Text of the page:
Spanish animal rights party PACMA has submitted a report to the United Nations (UN) Committee on the Rights of the Child suing Spain because it believes the government does not protect children from bullfighting.
The report states that the government has “wilfully ignored” the recommendations of the Committee on the Rights of the Child. And has, therefore, “continuously and repeatedly failed to comply” with the Convention on the Rights of the Child, ratified in 1990.
In 2018, the Committee on the Rights of the Child counted bullfighting among its ‘main concerns regarding violence against children’. PACMA points out that Spain will be reassessed by the committee in 2023. For this reason, the party has now submitted the report to the UN.
In the report, PACMA appoints that only in the Balearic Islands is attendance at bullfights banned for minors. In Galicia, it is forbidden for minors under 12 years old, and in the rest of the municipalities any child, boy or girl, may attend bullfights.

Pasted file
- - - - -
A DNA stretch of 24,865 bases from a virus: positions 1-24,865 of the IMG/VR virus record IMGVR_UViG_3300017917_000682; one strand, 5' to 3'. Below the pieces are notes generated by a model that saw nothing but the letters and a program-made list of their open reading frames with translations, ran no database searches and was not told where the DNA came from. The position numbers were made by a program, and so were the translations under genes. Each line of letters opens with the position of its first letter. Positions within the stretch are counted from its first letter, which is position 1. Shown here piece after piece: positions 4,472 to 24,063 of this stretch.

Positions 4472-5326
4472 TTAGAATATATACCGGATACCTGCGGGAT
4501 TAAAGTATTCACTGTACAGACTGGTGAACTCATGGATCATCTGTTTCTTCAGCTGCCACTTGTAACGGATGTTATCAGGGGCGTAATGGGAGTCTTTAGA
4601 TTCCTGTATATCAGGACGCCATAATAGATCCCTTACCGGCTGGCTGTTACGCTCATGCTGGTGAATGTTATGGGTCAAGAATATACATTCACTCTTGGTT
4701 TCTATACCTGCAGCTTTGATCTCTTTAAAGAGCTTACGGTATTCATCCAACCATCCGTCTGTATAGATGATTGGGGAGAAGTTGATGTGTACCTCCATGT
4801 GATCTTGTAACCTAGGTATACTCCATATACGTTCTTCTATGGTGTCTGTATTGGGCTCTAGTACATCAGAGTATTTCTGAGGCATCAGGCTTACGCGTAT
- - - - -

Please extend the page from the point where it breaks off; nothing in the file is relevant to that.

Participation in bullfights
When it comes to their participation in bullfights, PACMA mentions that only in Cantabria is the participation of minors prohibited. In the rest of the boroughs, children can participate from the age of 16, or even as young as 14.
For admission to bullfighting schools, Andalucia, Aragon and the Basque Country set a minimum age of 10 and 12, respectively. However, in the rest of the communities, there is no minimum age to be taught the ‘art’ of killing. Moreover, minors as young as 14 can take part in practical lessons, in which weapons are used.
Five years gone by
‘Five years have passed since the Committee warned Spain to protect minors from the violence of bullfighting,’ PACMA said. Moreover, the party argues, not only is bullfighting not banned, but ‘these practices are increasingly encouraged’. This is done by public institutions and governments, with activities such as invitations to schools, children’s bullfights, children’s bullfighting camps in which municipal, provincial and regional governments cooperate by providing facilities, granting subsidies or organising them directly’, which PACMA describes as ‘unacceptable’.
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